How to Use Social Media to Pay for a Funeral
When a loved one passes away unexpectedly, funeral costs can be difficult for families to cover all on their own. With no advance planning, no money set aside, and (oftentimes) hospital bills that will also need to be paid, the idea of facing several thousand dollars to pay for the funeral can be overwhelming.
Social media is changing the way many people approach this challenge. Not only are families flocking to Facebook, Twitter, and other social media sites as a way to announce a loss and look for emotional support, but they are taking things one step further to solicit money to help pay for the funeral.
Funeral Funding Websites
Several “donation” websites make it easy for an individual to solicit funds and receive anonymous payments that are directly deposited to your bank account. Some of the more popular ones for funerals include YouCaring, GoFundMe, and even KickStarter.
These sites (and others like them) allow you to set up a profile for your loved one, sharing information in much the same way an obituary might and outlining your reasons for fundraising. You can also set a financial goal, a time frame for donating, and automatically tweet or cross-post the information daily (or however you plan to set it up).
These sites usually charge a nominal fee for this service, and you might not get immediate access to the money, so you will need to plan your payment timeline accordingly. Depending on how many friends or followers you have on social media (and how widely your request is shared), you may be able to raise anywhere from a few hundred dollars to enough to cover the entire funeral.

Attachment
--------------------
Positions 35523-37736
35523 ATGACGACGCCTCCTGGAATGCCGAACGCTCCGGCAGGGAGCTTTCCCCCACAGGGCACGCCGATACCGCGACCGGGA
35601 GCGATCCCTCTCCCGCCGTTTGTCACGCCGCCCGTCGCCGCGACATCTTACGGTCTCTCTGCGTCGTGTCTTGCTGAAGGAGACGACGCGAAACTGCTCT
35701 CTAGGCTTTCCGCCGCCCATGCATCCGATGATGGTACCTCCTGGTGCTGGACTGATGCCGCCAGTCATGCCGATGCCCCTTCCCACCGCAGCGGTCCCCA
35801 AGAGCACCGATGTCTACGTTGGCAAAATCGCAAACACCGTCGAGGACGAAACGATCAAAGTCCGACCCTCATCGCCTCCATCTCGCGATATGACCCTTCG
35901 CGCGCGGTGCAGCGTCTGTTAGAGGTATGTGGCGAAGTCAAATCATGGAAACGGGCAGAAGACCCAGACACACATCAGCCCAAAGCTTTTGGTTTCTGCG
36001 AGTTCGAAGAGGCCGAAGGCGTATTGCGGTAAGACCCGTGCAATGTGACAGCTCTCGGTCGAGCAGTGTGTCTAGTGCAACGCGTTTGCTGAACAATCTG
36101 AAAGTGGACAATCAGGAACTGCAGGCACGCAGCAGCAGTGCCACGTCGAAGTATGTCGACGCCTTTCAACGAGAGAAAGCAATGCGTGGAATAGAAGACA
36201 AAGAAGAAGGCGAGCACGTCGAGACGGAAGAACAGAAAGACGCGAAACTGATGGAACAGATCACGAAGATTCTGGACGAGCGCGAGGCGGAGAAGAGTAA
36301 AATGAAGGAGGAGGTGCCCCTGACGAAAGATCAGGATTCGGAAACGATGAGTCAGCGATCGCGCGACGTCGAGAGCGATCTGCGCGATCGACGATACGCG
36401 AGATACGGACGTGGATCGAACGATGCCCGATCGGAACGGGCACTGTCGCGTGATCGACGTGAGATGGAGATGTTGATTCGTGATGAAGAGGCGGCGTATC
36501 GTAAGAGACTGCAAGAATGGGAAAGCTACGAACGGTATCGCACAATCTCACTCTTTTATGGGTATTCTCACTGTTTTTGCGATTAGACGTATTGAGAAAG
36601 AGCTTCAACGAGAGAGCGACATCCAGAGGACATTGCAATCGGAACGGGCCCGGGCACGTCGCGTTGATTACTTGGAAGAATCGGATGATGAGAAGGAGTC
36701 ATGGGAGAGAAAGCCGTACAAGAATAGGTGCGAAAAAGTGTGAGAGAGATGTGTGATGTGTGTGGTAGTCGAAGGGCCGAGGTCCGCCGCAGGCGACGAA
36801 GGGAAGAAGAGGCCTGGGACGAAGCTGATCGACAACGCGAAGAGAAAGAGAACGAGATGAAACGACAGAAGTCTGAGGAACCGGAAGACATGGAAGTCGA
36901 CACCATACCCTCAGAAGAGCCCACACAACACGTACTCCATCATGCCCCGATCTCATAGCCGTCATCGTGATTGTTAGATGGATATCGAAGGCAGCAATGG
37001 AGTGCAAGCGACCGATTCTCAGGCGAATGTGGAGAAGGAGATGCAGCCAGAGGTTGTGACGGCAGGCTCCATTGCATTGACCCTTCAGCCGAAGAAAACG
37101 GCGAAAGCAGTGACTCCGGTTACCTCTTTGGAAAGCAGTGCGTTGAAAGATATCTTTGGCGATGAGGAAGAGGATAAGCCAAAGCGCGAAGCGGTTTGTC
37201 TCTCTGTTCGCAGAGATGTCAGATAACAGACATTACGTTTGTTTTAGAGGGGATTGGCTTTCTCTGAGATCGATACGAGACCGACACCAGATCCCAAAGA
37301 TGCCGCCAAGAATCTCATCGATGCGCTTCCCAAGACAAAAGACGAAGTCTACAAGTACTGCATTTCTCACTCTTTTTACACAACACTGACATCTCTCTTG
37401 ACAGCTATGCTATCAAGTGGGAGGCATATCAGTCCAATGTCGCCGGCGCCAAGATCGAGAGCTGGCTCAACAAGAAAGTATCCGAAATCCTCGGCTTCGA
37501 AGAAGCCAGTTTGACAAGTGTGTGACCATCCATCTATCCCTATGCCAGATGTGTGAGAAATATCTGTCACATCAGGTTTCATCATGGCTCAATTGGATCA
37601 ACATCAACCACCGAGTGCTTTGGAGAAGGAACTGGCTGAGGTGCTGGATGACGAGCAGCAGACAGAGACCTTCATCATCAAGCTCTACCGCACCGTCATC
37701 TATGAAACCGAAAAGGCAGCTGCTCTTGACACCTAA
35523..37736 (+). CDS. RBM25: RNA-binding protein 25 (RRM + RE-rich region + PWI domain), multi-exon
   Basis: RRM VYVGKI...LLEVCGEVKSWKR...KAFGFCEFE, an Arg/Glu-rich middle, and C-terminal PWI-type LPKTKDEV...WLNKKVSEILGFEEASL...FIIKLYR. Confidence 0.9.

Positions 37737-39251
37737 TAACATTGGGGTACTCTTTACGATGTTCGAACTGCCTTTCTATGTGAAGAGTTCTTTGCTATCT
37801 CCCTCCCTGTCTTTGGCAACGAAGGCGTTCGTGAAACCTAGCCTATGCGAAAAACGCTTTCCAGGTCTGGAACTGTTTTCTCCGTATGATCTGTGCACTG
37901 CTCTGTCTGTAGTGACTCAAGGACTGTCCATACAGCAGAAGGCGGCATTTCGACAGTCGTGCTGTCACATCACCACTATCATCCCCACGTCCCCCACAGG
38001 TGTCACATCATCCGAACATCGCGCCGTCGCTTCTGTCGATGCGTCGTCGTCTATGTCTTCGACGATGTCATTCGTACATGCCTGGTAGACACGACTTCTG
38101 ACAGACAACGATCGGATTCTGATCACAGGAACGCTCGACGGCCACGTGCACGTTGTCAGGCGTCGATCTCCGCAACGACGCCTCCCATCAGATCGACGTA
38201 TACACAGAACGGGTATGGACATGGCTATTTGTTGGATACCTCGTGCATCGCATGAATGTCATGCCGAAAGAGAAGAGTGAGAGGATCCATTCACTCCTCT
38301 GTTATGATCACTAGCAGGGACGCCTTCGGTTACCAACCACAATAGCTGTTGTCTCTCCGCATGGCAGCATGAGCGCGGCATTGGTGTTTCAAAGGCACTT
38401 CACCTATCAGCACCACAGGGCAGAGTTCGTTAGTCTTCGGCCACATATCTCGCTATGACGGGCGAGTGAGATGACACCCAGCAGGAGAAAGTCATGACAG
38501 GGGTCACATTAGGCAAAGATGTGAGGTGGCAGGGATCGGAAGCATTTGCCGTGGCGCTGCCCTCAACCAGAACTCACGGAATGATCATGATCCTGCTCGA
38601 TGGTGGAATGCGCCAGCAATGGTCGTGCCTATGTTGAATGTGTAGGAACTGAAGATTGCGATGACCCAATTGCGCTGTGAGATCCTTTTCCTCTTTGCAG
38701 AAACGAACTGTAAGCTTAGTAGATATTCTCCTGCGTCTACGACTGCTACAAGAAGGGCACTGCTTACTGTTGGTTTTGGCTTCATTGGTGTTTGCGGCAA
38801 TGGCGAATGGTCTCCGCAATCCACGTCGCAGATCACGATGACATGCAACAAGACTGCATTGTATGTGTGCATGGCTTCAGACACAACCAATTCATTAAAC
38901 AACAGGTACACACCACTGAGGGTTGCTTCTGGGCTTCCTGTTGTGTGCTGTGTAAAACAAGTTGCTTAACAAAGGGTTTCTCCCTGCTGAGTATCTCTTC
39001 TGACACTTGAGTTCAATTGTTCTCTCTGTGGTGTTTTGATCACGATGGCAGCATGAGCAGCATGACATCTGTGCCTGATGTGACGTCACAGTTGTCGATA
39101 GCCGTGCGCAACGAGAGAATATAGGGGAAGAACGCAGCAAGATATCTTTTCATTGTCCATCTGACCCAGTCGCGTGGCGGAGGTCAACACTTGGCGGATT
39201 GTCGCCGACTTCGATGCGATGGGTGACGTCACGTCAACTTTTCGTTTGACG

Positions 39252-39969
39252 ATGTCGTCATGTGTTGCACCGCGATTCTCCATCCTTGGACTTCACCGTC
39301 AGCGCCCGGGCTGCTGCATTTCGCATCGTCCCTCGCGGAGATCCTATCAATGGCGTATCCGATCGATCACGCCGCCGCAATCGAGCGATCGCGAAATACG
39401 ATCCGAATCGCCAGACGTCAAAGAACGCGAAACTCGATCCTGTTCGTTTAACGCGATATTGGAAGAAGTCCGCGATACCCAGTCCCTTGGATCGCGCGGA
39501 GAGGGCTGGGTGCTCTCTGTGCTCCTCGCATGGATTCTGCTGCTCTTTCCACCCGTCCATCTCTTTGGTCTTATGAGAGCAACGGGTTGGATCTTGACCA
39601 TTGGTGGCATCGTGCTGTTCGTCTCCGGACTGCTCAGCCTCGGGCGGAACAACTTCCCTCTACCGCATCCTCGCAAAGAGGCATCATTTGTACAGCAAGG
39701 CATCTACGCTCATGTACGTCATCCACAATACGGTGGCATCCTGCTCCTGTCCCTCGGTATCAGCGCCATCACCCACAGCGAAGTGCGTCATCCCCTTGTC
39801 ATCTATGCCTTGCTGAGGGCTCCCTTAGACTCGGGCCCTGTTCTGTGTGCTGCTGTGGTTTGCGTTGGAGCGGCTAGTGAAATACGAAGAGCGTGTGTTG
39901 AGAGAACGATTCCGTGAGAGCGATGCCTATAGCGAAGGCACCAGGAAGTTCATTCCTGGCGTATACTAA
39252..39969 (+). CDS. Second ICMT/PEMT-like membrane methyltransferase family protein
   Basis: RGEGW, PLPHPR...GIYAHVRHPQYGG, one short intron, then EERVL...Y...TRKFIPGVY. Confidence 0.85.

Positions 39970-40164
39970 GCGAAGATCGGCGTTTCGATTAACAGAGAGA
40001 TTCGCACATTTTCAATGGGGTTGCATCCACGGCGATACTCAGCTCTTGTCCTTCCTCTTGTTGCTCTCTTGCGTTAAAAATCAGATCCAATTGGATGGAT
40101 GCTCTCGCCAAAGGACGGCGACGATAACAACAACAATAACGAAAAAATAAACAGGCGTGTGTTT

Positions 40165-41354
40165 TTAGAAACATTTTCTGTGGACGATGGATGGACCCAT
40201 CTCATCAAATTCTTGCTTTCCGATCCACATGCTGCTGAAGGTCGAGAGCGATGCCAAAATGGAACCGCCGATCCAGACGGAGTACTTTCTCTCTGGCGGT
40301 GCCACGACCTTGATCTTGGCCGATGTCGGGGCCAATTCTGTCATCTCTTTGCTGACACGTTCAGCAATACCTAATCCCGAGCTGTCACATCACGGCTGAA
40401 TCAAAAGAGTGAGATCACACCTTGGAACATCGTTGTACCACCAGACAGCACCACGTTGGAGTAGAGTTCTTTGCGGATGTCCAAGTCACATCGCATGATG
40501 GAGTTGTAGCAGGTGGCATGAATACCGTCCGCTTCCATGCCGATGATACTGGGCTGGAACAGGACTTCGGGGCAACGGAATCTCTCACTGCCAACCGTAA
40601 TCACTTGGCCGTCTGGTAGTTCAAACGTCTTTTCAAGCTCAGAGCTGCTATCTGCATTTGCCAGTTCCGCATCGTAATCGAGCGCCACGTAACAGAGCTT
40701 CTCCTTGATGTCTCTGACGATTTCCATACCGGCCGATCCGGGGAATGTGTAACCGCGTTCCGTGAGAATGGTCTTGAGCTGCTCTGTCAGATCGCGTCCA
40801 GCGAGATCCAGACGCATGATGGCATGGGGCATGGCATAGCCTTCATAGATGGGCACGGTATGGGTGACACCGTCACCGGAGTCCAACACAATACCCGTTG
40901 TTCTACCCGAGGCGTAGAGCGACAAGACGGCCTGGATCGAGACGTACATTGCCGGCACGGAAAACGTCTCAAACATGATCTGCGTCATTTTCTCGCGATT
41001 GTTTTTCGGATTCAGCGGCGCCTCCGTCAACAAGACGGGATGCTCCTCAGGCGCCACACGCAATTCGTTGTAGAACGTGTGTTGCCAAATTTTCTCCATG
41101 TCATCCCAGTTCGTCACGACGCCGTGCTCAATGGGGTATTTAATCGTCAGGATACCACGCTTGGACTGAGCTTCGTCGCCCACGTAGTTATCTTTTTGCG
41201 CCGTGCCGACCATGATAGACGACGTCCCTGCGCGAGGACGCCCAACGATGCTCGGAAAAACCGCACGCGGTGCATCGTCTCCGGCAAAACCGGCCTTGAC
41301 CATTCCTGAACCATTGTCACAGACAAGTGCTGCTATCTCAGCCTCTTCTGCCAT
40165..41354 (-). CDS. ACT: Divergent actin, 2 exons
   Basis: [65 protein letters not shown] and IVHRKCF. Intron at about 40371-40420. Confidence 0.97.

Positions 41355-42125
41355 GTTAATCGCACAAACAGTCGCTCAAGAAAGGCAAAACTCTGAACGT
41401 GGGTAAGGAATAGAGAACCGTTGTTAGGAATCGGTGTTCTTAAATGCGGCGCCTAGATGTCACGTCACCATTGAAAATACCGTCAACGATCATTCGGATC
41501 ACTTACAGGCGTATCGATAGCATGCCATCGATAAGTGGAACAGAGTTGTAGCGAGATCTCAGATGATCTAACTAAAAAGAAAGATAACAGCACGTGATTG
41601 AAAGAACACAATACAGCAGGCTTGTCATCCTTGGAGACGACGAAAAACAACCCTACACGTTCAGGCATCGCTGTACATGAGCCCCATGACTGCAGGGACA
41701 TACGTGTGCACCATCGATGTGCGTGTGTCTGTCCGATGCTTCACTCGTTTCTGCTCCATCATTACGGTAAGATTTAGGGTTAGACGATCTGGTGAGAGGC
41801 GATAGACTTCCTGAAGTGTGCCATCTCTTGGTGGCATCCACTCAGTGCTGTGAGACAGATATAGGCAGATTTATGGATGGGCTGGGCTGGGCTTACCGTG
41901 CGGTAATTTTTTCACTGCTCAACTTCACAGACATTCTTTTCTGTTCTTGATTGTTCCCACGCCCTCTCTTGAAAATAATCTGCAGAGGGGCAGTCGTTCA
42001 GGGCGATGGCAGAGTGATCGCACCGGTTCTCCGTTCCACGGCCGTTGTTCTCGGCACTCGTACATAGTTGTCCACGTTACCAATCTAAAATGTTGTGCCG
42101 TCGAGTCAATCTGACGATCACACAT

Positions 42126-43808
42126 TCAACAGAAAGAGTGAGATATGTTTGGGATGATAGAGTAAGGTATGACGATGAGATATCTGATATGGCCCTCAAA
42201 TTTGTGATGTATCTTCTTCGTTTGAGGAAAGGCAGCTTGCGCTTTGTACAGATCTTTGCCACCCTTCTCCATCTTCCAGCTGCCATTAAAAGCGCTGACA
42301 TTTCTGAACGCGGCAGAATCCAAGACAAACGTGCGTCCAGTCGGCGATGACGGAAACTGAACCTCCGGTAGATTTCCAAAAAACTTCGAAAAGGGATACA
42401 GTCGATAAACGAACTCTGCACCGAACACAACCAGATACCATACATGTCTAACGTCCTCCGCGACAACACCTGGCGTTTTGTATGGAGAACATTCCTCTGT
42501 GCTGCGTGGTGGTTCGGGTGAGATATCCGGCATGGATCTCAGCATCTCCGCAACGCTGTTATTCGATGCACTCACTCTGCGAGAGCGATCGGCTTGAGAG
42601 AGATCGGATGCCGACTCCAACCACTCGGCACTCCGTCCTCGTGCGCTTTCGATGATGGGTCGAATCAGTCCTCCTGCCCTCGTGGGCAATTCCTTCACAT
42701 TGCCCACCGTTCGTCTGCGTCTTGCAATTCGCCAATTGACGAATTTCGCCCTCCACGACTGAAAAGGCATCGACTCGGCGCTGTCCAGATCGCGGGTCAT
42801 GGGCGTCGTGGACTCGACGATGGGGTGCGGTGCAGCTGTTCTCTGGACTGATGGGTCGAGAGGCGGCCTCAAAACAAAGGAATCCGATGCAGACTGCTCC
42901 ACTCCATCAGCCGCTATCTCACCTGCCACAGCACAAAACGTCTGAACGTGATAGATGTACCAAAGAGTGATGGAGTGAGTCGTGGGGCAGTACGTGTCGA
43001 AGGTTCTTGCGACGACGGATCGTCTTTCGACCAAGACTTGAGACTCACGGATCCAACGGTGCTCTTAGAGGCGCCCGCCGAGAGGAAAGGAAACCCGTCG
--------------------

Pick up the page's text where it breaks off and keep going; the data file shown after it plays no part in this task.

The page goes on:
It is also a good idea to indicate on the profile what you will do if you exceed your fundraising goal. Will the money be donated to a specific charity? Go directly to the family for continued support? Be used to make the funeral even grander?
Is it Socially Acceptable to Ask for Money for a Funeral?
Here is where things start to get tricky. Some people find nothing wrong with using social media as a way to solicit help and cover a large financial payment. Because no one has to donate who does not care to (and because most of these platforms make it possible to send anonymous donations), you are not forcing anyone into action.
In fact, most people are generous and understanding in instances where the deceased died suddenly or leaves a young family behind. However, if there was time to make preparations, or if your financial situation is more comfortably situated (or perceived to be more comfortably situated), it might not be as easy to solicit financial assistance.
One thing about publicizing your grief and financial situation in this way is that you open yourself up to comments and censure from the internet at large. Anonymity has a way of making people less sensitive than they might be in person, so you may receive comments or emails that criticize your appeal for help.
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By Amy Johnson